I recently wrote a piece for the Globe and Mail on Naomi Duguid and her new book, ‘Taste of Persia’. I had the honour to cook and eat with Naomi Duguid, while we talked about her travels through this fascinating region of the world, and the people she met along the way. I have a personal interest in this region, not only because of my Persian roots, but also because my father was posted to Armenia (for the World Bank), and I visited him there a few times. I have nothing but beautiful memories of my time in that region of the world. I hope to go back one day, but for now, Naomi’s book is feeding my nostalgia.

Here is the link to the article. Thank you for reading it – it’s a long read!


I also tested a few recipes from ‘Taste of Persia’; here are the ‘Stuffed Vegetables’ I made. Since tomatoes are quite tender to start with (compared to the the bell pepper, zucchini or aubergine – which Naomi suggests we use in the recipe), I only added a little bit of boiling water to the bottom of my pan; you won’t need much. We still have tomatoes in the markets (they’re disappearing fast) – so make this dish as quickly as you can! The stuffed tomatoes are gorgeous with some strained yoghurt and fresh herbs.


I have the put the steps to this recipe up on my Instagram Stories – it’s only up for 24 hours, so you’ll have to have a look fairly soon. Have any of you been using Instagram Stories? I love using it to share recipes with all of you. Catch me there, and thank you for visiting! (You can find the recipe here.)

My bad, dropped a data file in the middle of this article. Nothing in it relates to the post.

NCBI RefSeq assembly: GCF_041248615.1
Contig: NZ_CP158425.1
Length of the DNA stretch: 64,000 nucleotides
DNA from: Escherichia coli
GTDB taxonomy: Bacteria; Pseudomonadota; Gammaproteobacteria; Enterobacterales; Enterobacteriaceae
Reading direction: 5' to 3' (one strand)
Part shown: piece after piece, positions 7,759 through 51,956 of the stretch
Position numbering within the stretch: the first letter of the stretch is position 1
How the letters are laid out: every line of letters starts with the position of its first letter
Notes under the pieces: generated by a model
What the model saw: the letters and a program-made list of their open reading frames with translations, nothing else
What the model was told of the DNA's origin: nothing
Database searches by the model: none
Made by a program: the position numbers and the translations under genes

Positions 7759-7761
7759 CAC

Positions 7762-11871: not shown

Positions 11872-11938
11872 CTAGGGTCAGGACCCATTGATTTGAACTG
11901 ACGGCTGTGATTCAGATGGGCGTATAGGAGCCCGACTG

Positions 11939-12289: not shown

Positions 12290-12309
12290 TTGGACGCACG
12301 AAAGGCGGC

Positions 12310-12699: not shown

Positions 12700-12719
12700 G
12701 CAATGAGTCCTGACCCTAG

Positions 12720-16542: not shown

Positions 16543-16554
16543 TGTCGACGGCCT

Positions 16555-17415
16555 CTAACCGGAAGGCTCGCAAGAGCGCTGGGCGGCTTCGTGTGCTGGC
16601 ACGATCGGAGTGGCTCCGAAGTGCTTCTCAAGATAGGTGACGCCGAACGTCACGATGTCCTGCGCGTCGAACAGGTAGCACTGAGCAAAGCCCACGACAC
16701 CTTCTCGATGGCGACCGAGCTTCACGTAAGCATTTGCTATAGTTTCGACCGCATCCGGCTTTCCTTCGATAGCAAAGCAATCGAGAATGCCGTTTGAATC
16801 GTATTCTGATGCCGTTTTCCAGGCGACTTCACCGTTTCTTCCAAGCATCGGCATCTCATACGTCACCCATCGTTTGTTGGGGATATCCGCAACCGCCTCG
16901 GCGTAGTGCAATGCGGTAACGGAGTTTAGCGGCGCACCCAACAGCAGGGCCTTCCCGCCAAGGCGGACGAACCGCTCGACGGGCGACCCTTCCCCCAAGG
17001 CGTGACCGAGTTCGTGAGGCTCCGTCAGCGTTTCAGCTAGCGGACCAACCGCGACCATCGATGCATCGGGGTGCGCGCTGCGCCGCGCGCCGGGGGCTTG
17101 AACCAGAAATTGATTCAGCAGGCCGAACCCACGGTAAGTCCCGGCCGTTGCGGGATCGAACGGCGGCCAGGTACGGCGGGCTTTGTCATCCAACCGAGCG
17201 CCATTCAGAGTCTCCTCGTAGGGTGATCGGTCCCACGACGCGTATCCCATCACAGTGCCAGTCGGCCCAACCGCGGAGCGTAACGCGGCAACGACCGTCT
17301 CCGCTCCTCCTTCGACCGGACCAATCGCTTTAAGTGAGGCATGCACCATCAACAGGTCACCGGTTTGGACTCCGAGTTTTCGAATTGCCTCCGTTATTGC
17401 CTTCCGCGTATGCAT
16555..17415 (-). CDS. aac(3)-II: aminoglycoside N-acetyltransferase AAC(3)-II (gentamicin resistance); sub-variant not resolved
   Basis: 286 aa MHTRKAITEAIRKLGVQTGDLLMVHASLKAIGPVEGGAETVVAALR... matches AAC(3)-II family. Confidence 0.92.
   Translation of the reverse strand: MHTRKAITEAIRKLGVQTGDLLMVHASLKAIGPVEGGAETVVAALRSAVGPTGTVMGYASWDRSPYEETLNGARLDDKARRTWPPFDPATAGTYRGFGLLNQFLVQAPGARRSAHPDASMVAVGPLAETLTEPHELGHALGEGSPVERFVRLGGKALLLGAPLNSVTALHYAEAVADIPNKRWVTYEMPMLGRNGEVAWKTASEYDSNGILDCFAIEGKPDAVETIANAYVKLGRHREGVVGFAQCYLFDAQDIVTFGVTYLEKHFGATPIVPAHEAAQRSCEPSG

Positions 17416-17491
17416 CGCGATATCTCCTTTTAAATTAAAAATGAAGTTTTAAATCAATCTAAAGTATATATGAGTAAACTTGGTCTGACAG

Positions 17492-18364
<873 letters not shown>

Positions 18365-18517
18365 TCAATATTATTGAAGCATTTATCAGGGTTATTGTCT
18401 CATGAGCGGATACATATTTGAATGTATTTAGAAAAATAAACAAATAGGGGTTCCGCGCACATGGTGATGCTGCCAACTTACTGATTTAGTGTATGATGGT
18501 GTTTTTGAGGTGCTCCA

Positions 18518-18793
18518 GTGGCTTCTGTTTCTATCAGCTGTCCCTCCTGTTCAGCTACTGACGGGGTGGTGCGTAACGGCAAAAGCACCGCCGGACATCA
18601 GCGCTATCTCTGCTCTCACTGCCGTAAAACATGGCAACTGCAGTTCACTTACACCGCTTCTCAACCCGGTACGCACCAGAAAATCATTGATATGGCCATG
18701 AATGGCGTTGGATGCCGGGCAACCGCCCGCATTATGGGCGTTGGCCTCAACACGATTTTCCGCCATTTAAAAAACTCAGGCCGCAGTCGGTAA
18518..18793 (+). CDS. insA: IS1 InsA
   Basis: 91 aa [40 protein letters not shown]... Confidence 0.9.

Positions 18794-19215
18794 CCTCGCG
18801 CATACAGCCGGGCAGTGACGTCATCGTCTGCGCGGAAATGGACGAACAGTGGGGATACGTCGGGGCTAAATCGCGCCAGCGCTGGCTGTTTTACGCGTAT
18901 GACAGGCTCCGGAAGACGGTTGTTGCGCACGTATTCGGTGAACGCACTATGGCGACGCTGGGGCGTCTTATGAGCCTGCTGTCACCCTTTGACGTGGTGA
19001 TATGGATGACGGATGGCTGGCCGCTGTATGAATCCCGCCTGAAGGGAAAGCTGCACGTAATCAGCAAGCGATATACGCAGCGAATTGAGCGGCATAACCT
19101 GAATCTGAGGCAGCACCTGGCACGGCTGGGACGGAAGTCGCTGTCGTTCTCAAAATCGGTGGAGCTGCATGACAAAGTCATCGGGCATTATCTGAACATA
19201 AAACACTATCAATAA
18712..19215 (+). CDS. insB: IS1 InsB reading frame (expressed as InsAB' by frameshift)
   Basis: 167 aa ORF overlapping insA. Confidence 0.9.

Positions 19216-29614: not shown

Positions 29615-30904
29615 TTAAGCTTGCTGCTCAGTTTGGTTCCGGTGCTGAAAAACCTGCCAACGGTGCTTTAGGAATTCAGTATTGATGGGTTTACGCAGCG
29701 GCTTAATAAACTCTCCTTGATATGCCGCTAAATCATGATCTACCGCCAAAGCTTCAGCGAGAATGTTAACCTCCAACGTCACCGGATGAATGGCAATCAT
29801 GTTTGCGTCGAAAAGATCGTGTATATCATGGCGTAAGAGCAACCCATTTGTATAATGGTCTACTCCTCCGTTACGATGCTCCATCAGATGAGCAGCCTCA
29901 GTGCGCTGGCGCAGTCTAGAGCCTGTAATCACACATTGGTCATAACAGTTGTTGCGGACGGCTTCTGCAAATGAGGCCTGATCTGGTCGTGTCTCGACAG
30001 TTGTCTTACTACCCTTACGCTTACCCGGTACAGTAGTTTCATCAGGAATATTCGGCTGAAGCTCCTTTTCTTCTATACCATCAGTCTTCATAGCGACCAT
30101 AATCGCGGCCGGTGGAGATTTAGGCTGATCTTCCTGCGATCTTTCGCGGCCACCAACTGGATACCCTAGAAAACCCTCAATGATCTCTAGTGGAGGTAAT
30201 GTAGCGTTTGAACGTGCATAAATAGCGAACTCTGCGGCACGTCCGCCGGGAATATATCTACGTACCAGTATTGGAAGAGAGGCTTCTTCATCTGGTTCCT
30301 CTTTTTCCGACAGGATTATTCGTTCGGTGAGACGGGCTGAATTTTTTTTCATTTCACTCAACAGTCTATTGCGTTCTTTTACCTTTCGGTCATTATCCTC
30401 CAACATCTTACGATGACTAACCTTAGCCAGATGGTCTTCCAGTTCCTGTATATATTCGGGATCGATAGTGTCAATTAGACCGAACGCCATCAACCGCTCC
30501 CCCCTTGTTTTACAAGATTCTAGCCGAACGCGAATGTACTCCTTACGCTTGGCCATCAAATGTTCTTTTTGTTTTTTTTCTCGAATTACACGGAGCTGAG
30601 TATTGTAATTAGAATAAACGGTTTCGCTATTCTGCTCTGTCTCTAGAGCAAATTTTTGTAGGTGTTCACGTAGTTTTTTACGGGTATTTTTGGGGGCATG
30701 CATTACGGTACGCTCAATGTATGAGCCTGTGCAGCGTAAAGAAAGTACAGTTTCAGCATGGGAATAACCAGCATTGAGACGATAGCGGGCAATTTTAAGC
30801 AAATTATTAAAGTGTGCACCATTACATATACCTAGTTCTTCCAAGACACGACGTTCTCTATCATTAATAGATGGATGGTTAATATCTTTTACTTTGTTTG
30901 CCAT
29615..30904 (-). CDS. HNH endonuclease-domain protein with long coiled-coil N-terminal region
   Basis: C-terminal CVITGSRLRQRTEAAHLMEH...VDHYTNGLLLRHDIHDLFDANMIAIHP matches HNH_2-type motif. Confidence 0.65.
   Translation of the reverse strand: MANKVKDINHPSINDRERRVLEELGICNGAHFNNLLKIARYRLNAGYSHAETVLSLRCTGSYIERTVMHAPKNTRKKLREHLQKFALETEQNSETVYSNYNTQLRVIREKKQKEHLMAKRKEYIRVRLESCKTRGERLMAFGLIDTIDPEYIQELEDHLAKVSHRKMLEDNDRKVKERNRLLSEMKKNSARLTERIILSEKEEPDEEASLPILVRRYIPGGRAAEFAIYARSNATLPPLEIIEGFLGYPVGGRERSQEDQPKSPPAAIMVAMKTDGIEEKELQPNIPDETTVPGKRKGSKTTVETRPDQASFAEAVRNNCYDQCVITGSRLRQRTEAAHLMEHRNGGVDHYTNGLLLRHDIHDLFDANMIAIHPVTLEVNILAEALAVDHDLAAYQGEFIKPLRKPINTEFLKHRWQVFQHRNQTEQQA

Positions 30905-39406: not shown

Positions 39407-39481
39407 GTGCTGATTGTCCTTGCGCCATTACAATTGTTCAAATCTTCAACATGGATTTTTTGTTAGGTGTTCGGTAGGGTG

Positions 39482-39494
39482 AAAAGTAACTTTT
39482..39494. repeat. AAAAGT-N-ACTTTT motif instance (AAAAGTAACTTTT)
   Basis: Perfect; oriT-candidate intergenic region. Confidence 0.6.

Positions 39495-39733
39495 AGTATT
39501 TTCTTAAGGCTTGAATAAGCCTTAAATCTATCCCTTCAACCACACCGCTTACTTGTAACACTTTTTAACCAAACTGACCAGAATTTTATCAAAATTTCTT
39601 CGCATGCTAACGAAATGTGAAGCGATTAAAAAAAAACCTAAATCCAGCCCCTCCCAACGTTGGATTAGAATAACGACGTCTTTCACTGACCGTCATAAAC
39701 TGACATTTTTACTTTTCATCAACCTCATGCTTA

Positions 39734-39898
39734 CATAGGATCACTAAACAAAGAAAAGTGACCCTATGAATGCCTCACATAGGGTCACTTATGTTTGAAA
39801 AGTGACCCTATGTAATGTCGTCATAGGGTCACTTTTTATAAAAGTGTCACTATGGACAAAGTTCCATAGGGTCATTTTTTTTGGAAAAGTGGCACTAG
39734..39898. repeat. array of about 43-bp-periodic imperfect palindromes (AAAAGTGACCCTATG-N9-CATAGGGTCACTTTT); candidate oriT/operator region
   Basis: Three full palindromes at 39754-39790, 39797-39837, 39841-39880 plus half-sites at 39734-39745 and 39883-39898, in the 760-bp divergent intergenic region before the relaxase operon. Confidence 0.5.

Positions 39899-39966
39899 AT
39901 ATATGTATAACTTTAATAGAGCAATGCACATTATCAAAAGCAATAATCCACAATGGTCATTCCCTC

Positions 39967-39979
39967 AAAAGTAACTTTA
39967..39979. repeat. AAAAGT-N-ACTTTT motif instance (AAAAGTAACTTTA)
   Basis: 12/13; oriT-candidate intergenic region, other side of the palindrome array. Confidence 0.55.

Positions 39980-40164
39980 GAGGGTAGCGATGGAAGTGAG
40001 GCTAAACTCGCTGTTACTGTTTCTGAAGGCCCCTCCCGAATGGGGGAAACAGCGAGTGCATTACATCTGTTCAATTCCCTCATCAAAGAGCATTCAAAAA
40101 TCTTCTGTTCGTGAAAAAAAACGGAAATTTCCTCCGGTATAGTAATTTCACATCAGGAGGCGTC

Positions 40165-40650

Rose Ring Cake

Rosewater Cake

Many of you have asked for the recipe of the cake I made in my workshop at A Taste of Persia Festival this weekend. The recipe first appeared in The Globe and Mail on December 1, 2015. (The recipes in the Globe are always in Imperial units; i.e., cups). Here is the link to the piece I wrote. The recipe is below.

Rose Ring Cake

1/2 cup unsalted butter (room temperature)
1 cup granulated sugar
3 medium eggs
3/4 cup buttermilk
1 tbsp rosewater
3/4 cup all-purpose flour
1 cup blanched almond flour
1 tsp baking powder
1/2 tsp sea salt

Preheat oven to 350 F. Grease and flour an 8-cup ring or bundt pan.

In the bowl of a food mixer, beat the butter and sugar on medium-high speed until lighter in colour and slightly increased in volume, about 4 minutes. Reduce the speed to medium and add eggs, one at a time, beating each addition until fully incorporated.

Alternate dry ingredients (all-purpose flour, almond flour, baking powder, sea salt) and wet ingredients (buttermilk and rosewater) into creamed mixture, beginning and ending with dry ingredients. Mix until well combined or finish gently by hand.

Transfer batter to pan and bake for 30-35 minutes. Oven temperatures can vary, so check with a toothpick to make sure it comes out clean.

Invert from pan once cake has cooled. Dust with icing sugar and adorn with rose petals.

Spice Spoon at A Taste of Persia Festival


Hello, everyone. This weekend, on Saturday, I will be at A Taste of Persia Festival, in partnership with the City of Toronto and Aga Khan Museum. It has been organized by the Culinary Historians of Canada and I am really looking forward to seeing many of your familiar faces there. I’ll be speaking about my memories of my paternal grandmother and how it ties me to Persian food and I will also be conducting a workshop, making my Rose Ring Cake. See you all there. The full programme link is here.


Rosewater Cake